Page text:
Sample 90-Day Plan, Part 3

This is the final installment of my three part series on developing a 90-day marketing plan. In case you missed it here is Part One and Part Two.

In the final 90 days, with the brand in focus and the marketing machine built, it’s time to drive demand.

Day 60 – 90: Drive Demand


Raise awareness for the brand and drive a TBD number of qualified sales leads.


A number of sales and marketing funnel metrics will be agreed upon to measure success.


Start an aggressive outreach campaign.


3.1 Build Organic Traffic with SEO

The payoff for the time and money spent on updating the site is the ability to start building a Search Engine Optimization program. I have had a tremendous amount of success with using a tool called It helps you fast track your SEO efforts by giving short cycles of feedback in the form of letter grades on your site’s ranking for search terms. In the past I have been able to get listed on the front page for 15 of 18 terms I was working on. In a couple of cases the small company I worked for ranked in the number one spot while a 3.6 billion dollar company was in second.

Resources: $99 a month for a subscription


3.2 Test a SEM Campaign

The company will start a small AdWords campaign (About 2k a month) to test the viability of the leads SEM can generate for this type of business. To optimize the campaign, the ads themselves will lead to targeted landing pages with a clear “Call-To-Action”. These will be used as a direct response tactic. In addition to simply tracking click through rates on the ads or conversion rates on the landing page the key metric here will be how many paying customers come from the effort and measuring the cost of customer acquisition versus other marketing efforts.

Resources: $2,000 a month, $4,000 in total for a two-month trial.


3.3 LinkedIn Outreach

If ever there was a social network designed around the company’s core audience, LinkedIn is it. The strategy here would be to start engaging the community in Groups and also test an advertising campaign. Much of the work done here can also be leveraged on Quora. The Human Resources section on Quora has over 4,700 members.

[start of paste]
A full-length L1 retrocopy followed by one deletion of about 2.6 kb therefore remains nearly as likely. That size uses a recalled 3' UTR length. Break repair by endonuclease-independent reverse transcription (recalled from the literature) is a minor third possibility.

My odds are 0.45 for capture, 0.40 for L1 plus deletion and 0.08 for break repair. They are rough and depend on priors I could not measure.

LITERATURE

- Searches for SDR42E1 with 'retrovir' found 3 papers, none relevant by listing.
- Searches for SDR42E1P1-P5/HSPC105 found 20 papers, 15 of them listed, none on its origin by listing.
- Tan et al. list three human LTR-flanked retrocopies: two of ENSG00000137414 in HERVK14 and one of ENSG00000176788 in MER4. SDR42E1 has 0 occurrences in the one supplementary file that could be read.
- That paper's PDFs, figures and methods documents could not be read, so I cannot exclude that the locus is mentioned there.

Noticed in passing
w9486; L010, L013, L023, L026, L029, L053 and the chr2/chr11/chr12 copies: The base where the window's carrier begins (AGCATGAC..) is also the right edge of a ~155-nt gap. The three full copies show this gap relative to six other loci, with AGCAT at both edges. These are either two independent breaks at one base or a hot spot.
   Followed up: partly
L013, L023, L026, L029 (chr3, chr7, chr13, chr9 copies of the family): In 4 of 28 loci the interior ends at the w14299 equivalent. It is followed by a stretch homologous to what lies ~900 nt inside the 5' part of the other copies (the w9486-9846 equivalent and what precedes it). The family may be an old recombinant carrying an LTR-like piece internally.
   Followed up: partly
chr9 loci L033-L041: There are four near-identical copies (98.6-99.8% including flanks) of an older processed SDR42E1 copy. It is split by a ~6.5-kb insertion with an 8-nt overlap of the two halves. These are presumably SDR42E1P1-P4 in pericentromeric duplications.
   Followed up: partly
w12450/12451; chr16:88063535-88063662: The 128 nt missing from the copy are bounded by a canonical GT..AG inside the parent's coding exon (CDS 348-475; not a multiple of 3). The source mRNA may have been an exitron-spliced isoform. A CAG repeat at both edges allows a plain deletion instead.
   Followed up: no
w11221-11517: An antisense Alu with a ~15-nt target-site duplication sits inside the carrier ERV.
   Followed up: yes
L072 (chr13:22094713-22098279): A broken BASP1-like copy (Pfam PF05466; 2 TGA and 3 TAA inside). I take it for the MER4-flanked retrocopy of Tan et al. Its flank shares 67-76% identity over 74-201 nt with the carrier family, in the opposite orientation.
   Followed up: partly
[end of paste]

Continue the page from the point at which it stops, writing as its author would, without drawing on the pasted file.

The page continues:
3.4 Content Syndication Across Social Channels

All of the new content that will be created will need to be syndicated through existing social channels including LinkedIn, Twitter and FaceBook. New content should also be developed and pushed to currently under utilized channels like YouTube and Slideshare.


3.5 Email Marketing

The use of dedicated landing pages will provide the company with one of its most valuable assets: a marketing database. To leverage this database, regular email communications will be created starting with a Monthly Newsletter. This will be a digest of some of the best content generating during the month with links leading back to the blog. A more long-term email campaign will later include email nurturing to keep prospects engaged that are not ready to buy now.

Resources: Email software costs vary by the size of the list. Estimated at $100 – $500 a month.


3.6 Online Advertising and Retargeting

Online display advertising can be an expensive way to market with notoriously low click through rates. However, if you can target your niche with relevant offers you can get better than average results. At PubNub I ran a campaign on Stack Overflow, a niche site for developers to get technical help with coding. The design of the ads was aimed squarely at this technical audience and featured actual code snippets. Our click though rate was 3x the site’s average. If we can find niche sites that our audience visits, a test campaign would be valuable.

Resources: $2,000 a month for a period of two months to test.

Site retargeting is another option once our site traffic reaches 10,000 unique visits a month. This will help bring visitors back to our site by retargeting them with ads as they visit other sites across the web.

Resources: Ad retargeting for 10,000 unique visitors is as low as $500 a month.